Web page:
Neo Rauch, Unter Feuer, 2010. Via Museum Frieder Burda
The Museum Frieder Burda in Baden-Baden, Germany is hosting a large-scale retrospective of Leipzig-based artist Neo Rauch (born 1960). Showing about forty paintings, drawings, prints, and sculptures, the exhibition covers the past twenty years of Rauch’s career. Currently an honorary professor at the Academy of Visual Arts in Leipzig, Rauch is the representative of the New Leipzig School of painting distinguished by the figurative visual language, narrative content, and technical perfection.
More text and images after the jump…
Neo Rauch, Das Haus, 1996. Via Museum Frieder Burda
Often compared with Pop art, Neosurrealism, and New Objectivity, Rauch’s work also features regional German traits. Art historian Robert Storr said that Rauch’s paintings “speak a Pop Art idiom with an East German accent.” The artist himself points out the importance of his adherence to German culture in the interview for the Spiegel: “I wouldn’t at any rate refuse the designation, because I believe that the world is really fully colored only when there are strongly molded regionalisms at a high level. As opposed to some sort of cultural Esperanto.”
What does it mean to be a painter with East German cultural heritage in the contemporary art scene? The German Democratic Republic (GDR), also known as East Germany, was a Communist state patronized by the Soviet Union until the collapse of the Berlin Wall in 1989. Governed by the state policies regarding art production, the Art Academy in Leipzig taught its students “drawing from nude models…the rules of perspective and analyzing formal composition.” Compared with the non-figurative abstraction in the West, this curriculum seemed outdated. Rauch was a distinguished student in the Leipzig Art Academy. The real change in curriculum of the Academy appeared after the unification of Germany in 1989. By the late 1990’s the “New Leipzig School” group of painters (including Tim Eitel, Tilo Baumgärtel, Matthias Weischer, David Schnell, Christoph Ruckhäberle and Martin Kobe) gained international recognition. Although Rauch acknowledges his ties to the Leipzig school it seems quite difficult to distinguish the “authentic German” from his art. In his article about Neo Rauch, Jan Thorn-Prikker from the Goethe-Institut coined the term “brand name Leipzig” to describe the roots of Rauch’s art. Thorn-Prikker explained that a stage-like, narrative composition and naturalism in rendering forms, as seen on Die Fuge (2007) and the Interview (2006) reflects Rauch’s German heritage.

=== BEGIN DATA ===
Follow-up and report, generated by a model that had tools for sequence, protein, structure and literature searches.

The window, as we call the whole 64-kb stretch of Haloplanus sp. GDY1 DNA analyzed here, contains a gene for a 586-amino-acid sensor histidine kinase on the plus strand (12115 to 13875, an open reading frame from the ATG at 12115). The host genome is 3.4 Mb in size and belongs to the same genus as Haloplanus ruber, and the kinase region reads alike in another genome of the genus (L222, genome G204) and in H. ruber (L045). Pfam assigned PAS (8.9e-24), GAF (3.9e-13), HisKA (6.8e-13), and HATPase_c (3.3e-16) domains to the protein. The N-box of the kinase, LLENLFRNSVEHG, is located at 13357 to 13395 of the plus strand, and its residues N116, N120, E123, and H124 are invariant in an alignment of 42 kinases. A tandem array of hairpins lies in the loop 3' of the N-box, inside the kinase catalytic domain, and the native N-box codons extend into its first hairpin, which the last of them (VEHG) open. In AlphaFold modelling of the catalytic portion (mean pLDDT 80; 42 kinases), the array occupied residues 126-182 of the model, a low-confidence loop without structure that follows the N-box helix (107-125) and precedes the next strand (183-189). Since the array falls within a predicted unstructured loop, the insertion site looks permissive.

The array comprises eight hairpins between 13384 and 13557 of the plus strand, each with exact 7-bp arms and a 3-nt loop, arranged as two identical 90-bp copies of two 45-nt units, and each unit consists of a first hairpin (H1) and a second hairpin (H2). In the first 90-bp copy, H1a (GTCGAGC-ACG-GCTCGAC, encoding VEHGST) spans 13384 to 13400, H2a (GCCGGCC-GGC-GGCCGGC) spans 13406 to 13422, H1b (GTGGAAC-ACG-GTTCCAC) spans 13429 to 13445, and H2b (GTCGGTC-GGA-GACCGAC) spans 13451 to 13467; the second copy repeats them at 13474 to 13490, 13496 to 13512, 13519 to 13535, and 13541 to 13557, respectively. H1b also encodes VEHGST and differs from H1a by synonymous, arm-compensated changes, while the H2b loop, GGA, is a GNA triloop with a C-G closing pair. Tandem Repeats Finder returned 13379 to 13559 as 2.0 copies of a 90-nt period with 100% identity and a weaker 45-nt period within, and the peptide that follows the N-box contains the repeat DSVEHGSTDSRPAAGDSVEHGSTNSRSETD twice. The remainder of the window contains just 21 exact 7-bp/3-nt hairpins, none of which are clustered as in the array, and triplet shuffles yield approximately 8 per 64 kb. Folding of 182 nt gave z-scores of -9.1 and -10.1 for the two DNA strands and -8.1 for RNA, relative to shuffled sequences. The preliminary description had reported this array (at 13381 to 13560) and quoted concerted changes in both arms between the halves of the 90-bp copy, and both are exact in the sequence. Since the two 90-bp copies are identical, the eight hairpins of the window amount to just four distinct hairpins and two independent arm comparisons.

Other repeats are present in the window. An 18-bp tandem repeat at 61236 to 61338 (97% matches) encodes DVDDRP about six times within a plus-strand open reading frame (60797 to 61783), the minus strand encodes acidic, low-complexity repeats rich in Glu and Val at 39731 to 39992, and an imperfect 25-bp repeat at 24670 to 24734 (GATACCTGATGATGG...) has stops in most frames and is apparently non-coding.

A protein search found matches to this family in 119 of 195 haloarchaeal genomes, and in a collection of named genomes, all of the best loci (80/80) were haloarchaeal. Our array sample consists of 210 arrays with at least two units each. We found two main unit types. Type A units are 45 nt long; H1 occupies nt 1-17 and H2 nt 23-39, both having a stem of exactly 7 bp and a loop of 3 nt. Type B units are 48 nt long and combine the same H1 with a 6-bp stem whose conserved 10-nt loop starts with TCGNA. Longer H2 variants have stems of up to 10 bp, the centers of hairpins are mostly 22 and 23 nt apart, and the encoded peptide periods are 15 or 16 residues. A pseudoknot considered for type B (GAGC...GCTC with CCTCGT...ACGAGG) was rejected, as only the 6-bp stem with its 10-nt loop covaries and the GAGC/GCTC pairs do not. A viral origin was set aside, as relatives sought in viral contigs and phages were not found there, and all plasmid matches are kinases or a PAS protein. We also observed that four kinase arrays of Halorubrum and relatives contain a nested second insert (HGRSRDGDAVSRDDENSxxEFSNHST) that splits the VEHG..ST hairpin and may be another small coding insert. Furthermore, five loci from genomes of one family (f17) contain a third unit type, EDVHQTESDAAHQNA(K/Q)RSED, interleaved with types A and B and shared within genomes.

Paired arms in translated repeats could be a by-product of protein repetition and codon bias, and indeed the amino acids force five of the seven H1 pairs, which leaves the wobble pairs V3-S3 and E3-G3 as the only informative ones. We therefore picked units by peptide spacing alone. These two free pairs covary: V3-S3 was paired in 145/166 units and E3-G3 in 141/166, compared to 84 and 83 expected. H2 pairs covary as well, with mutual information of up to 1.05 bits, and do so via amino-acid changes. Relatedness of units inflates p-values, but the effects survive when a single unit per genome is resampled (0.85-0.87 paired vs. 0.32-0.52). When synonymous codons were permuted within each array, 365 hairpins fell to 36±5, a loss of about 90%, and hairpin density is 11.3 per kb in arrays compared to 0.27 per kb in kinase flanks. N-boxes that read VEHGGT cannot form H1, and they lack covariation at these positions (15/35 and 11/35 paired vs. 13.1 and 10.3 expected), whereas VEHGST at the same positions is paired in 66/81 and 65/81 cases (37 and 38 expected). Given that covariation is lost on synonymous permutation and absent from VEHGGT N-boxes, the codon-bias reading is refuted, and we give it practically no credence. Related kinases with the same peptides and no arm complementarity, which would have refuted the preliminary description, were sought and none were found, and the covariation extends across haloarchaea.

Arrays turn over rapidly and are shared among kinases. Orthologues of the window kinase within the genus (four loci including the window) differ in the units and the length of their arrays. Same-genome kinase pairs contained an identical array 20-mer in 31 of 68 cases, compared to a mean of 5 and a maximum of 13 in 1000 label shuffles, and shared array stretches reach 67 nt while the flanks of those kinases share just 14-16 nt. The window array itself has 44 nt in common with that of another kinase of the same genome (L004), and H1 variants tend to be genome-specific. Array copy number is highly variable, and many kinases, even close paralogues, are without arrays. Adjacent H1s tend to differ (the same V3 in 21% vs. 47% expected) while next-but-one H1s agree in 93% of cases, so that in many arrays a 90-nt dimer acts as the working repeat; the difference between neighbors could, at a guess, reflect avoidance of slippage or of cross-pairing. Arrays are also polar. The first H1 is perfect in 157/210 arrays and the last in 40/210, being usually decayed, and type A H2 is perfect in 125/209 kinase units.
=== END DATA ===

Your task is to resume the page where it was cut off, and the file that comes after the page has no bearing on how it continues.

Neo Rauch, Die Fuge, 2007. Via Museum Frieder Burda
Neo Rauch, Interview, 2006. Via Museum Frieder Burda
On the other hand, the same features may tie Rauch to Neosurrealist art despite his rejection of such a connection. It appears even harder to differentiate the “authentic German” from the Pop Art in the comic book inspired paintings such as Ausflug (1998) and Sucher (1997).
Neo Rauch, Ausflug, 1998 via Museum Frieder Burda
Neo Rauch, Sucher, 1997 via Museum Frieder Burda
In the context of contemporary global art market, it appears that the implication of East German heritage in Rauch’s art is more substantial than his eclectic visual language. However, the real questions are whether and to what extent Rauch communicates German past through his art.